The most current patent owned for the idea of the transition windshield is owned by Ernest R. Love and Brenda J Love. It was issued in March of 2003 and reads as follows, “A vehicle solar windshield system comprising a front windshield composed of a first transition lens material, at least one side window composed of a second transition lens material and a rear windshield composed of a third transition lens material. In one embodiment, the first transition lens material has a first darkening strength, the second lens material has a second darkening strength, which is greater than the first darkening strength and the third lens material has a third darkening strength, which is greater than the second darkening strength. In a preferred embodiment, the transitional lens material is a photo-chromic lens material”.
Paul Ryans, the Operations Manager at SunTec Auto Glass stated, “As you can see, we are most likely not far from implementing this technology in our windshields. However, there are a few obstacles we have yet to overcome if we are to integrate the technology currently used in optometry to the auto glass and windshield industry. Until Transition windshields become a reality, it is still a great idea to have your auto glass and windshield tinted. However, you would probably still need to wear sunglasses and use your sun visor while driving east in the mornings and west in the evenings. Tinting your auto glass will protect the interior of your vehicle, protect your skin from harmful UV rays and keep the interior of your vehicle much cooler during hot days. When you take your vehicle to a certified windshield replacement and auto glass repair shop, ask them if they perform auto glass tinting. If you live in the Phoenix area, come see us at SunTec Auto Glass to have your windshield and auto glass tinted today!”.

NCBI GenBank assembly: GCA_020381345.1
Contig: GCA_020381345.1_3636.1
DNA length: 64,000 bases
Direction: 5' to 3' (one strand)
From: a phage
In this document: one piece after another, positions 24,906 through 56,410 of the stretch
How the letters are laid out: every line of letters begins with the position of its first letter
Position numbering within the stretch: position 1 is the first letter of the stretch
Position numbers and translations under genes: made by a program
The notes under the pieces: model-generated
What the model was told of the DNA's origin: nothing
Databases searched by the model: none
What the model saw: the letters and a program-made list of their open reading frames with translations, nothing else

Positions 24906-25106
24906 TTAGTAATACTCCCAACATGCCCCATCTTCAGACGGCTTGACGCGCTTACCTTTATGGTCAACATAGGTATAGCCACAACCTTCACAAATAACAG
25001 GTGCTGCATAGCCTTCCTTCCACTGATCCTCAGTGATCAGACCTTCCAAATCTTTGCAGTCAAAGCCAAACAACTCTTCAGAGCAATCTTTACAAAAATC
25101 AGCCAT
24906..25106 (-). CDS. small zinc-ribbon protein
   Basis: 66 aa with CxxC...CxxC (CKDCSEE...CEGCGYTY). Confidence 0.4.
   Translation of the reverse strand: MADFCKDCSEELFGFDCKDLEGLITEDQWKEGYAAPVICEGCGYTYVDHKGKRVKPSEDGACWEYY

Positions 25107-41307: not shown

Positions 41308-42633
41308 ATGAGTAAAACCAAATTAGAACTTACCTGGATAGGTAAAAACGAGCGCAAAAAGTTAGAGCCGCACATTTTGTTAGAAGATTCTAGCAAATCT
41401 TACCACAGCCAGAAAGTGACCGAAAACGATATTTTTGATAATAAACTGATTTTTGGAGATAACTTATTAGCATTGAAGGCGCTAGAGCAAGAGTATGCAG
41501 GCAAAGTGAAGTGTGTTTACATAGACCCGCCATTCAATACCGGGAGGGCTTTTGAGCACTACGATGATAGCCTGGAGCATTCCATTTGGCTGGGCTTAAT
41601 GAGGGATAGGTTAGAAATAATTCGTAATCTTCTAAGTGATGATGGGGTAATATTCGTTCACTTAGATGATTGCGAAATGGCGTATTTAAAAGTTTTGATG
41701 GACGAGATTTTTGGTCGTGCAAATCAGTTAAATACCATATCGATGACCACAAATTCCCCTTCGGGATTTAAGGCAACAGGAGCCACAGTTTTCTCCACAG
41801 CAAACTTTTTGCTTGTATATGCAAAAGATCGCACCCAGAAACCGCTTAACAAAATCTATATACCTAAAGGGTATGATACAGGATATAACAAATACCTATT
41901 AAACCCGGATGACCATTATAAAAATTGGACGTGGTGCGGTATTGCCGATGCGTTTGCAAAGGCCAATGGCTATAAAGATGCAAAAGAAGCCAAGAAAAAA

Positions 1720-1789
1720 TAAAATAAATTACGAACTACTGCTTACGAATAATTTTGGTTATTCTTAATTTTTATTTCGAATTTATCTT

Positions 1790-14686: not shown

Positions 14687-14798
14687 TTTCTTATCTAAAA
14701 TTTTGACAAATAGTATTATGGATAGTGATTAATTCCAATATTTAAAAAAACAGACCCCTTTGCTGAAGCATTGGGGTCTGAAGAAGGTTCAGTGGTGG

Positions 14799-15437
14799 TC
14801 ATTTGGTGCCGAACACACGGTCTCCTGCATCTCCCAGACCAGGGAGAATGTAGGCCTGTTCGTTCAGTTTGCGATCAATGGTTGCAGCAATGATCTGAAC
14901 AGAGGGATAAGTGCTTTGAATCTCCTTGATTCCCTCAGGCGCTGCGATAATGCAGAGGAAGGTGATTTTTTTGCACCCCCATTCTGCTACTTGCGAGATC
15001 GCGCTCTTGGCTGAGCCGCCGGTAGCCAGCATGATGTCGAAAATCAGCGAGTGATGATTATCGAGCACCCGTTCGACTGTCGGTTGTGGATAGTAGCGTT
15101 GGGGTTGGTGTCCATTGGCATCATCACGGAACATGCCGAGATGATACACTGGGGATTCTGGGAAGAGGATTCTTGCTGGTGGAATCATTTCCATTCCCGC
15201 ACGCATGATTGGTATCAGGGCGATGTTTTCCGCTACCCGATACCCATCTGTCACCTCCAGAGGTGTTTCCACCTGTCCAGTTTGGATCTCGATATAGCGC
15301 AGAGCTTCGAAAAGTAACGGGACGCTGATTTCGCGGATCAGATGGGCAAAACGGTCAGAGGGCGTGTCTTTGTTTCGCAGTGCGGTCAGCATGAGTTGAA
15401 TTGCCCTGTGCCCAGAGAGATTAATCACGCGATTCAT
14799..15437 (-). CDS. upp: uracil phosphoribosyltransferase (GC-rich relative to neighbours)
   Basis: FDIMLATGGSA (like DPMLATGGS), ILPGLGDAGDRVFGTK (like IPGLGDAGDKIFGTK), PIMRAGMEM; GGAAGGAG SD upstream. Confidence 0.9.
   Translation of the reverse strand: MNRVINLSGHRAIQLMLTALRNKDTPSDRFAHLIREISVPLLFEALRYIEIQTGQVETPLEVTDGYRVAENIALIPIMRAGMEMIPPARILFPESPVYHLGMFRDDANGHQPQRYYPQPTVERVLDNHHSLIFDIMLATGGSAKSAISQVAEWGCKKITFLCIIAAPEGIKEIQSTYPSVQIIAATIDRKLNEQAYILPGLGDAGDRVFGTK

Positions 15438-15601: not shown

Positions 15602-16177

If you live in the greater Phoenix, Arizona area and require a windshield replacement or auto glass repair, contact SunTec Auto Glass today. Our windshield replacement and auto glass repair technicians are NGA (National Glass Association) certified and service all vehicle makes and models. We use OEM (Original Equipment Manufacturer) auto glass and OEM parts, because you and your family's safety matters. We work with every auto insurance company and we accept most forms of payment. We offer free mobile service to Maricopa and Pinal Counties for your convenience. To schedule your windshield replacement, auto glass repair, auto glass tinting or auto glass etching, please contact us at (602) 753-6050 or by email at email@example.com.
What do you think? Is the idea of Transition Windshields in our vehicles realistic? What do you think the pros and cons would be? Share your answers in our comments section!